Tampa Bay had high expectations for Jermaine Phillips when it used a fifth-round pick to select him out of Georgia in the 2002 NFL Draft.
In fact, Phillips became a starter when the Bucs released strong safety John Lynch during the 2004 offseason.
But Phillips has had a tough time filling Lynch’s shoes, and understandably so. Lynch was, after all, a five-time Pro Bowler with the Bucs.
Heading into the 2007 regular season, Phillips had started 46 career games, but he had not been to a Pro Bowl. Instead, Phillips lacked playmaking ability, evidenced by his four interceptions in five seasons with the Bucs.
The 6-foot-2, 220-pound Phillips possessed some of Lynch’s hard-hitting ability, but that aggressive style of play robbed him of some playing time due to injuries he suffered during the 2003, 2004 and 2005 seasons, respectively.
Last year, Tampa Bay’s defense suffered a rash of injuries and failed to rank in the top 10 for the first time in 10 seasons. The defense, Phillips included, struggled to make plays, which in turn impacted the former Bulldog’s play on the field in a negative way.
To make matters worse, Bucs defensive backs coach Mike Tomlin had left to take a defensive coordinator job with Minnesota, which led to Tampa Bay’s decision to hire Greg Burns.
Burns never won over the veteran-laden defensive backs room and apparently didn’t do much in terms of helping Phillips correct some of the problems he was having in terms of tackling and making plays on the football field.
The Bucs fired Burns in January and brought back Raheem Morris, who served as an assistant defensive backs coach with Tomlin in Tampa Bay before taking a job as a defensive coordinator with Kansas State in 2006.
Having Morris back has helped Phillips rebound from last year’s disappointing performance. Phillips has been extremely aggressive against the run and in pass coverage. He made two impact plays en route to Tampa Bay’s 24-3 win over St. Louis on Sunday, intercepting Rams quarterback Marc Bulger and knocking wide receiver Isaac Bruce out of the game with a huge hit across the middle of the field.
Phillips is the first to admit that he’s playing with a lot more confidence right now than he was this time last year.
“It’s just having confidence, period,” said Phillips. “Last year I was stressing a little bit and it showed up in my play. This year I’m just taking it one play at a time and I’m just trying to be a good football player.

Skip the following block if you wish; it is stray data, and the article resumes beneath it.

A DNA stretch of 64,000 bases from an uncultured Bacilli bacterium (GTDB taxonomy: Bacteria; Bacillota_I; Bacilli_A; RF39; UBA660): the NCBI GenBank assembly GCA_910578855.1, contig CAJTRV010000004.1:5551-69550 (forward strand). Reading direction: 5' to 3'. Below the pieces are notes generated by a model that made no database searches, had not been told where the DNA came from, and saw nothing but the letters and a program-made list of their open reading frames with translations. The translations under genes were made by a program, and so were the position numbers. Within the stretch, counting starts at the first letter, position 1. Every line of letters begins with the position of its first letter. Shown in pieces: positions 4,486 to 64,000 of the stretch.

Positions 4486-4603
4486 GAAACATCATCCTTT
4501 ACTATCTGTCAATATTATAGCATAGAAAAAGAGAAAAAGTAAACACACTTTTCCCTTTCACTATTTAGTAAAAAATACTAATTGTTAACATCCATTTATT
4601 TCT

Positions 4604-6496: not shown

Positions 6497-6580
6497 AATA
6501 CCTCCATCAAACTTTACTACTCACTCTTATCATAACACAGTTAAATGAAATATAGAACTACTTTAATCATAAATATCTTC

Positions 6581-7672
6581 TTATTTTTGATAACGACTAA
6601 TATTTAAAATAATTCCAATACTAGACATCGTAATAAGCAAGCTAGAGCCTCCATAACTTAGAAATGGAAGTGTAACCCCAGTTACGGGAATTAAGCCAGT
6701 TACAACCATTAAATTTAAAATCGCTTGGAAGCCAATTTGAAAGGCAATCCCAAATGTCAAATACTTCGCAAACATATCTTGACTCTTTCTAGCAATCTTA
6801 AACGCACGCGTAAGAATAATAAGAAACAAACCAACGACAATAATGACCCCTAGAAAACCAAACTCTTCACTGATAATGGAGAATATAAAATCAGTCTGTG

“I think I definitely have more confidence this year just for the simple fact that last year they said tackling was the issue and we were looking for different ways to fix it. But when I was out there I really didn’t have anybody giving me any direction. Having Raheem Morris back, being the technician that he is, it makes it easier for me.”
Phillips isn’t the only one who is taking notice of his improved play over the first three games of the season.
"He's done a great job through the first three weeks and he has an interception yesterday,” Bucs head coach Jon Gruden said of Phillips. “He shows tremendous burst and close on the football. He's made some big hits inside. He's done an excellent job honestly. He's also contributed on special teams. We are getting a lot out of Jermaine as a playmaker and he's been a leader, a veteran presence back their with [free safety] Tanard Jackson. I've been most impressed with Jermaine Phillips so far."
Not only did the Bucs bring back Morris, they added two safeties to the mix via the NFL Draft in April in an effort to add some much-needed competition to the position.
Tampa Bay invested a second-round draft pick in Sabby Piscitelli and a fourth-round selection in Jackson.
Despite the fact that he was making the transition from cornerback to safety, Jackson managed to beat out Will Allen, who also struggled in 2006, for the starting free safety job.
Phillips, however, held off Piscitelli for the starting strong safety spot and has even solidified the position through the first three games of the season.
“Competition always brings out the best in everybody,” said Phillips. “I’m a self-motivated guy. The standards and expectations I have for myself is what drives me.
“What [the Bucs] do doesn’t matter. I just go out there and play. When I came into the league my dream wasn’t to play for the Bucs, it was to play in the NFL. As long as I can do that I’ll continue to do that.”
Phillips has actually embraced a leadership role on Tampa Bay’s defense by taking Piscitelli and Jackson under his wing and showing them the ropes much like the veteran safeties that came before him did when Phillips first entered the league.
“I’m just to the point now where I feel comfortable in saying what I feel and just going out there and trying to get us to play at our best,” Phillips said of his role as a leader. “If I see something that isn’t right I’m not afraid to say something whereas a couple of years ago maybe I would have been.
“Like I told Sabby and T.J., I’m going to try to push you to become the best players you can be because that’s what John Lynch and Dexter Jackson did with me.”
Tampa Bay’s defense has held two potentially potent offenses to a total of 17 points over the past two weeks. As a result, the Bucs, who finished 2006 with a 4-12 record, are off to a 2-1 start and their defense currently ranks 10th overall in the NFL.
The Bucs failed to finish last season ranked in the top 10 for the first time in 10 years. Phillips and the rest of the defense are out to prove that 2006 was the exception, not the norm.
“We’ve raised the standard,” said Phillips. “We’re getting back to the way this defense should be. It’s like the defense of old — we’re hustling and hitting right now. Guys are holding each other accountable and that’s the way it should be. If you continue to do that good things are going to happen.”
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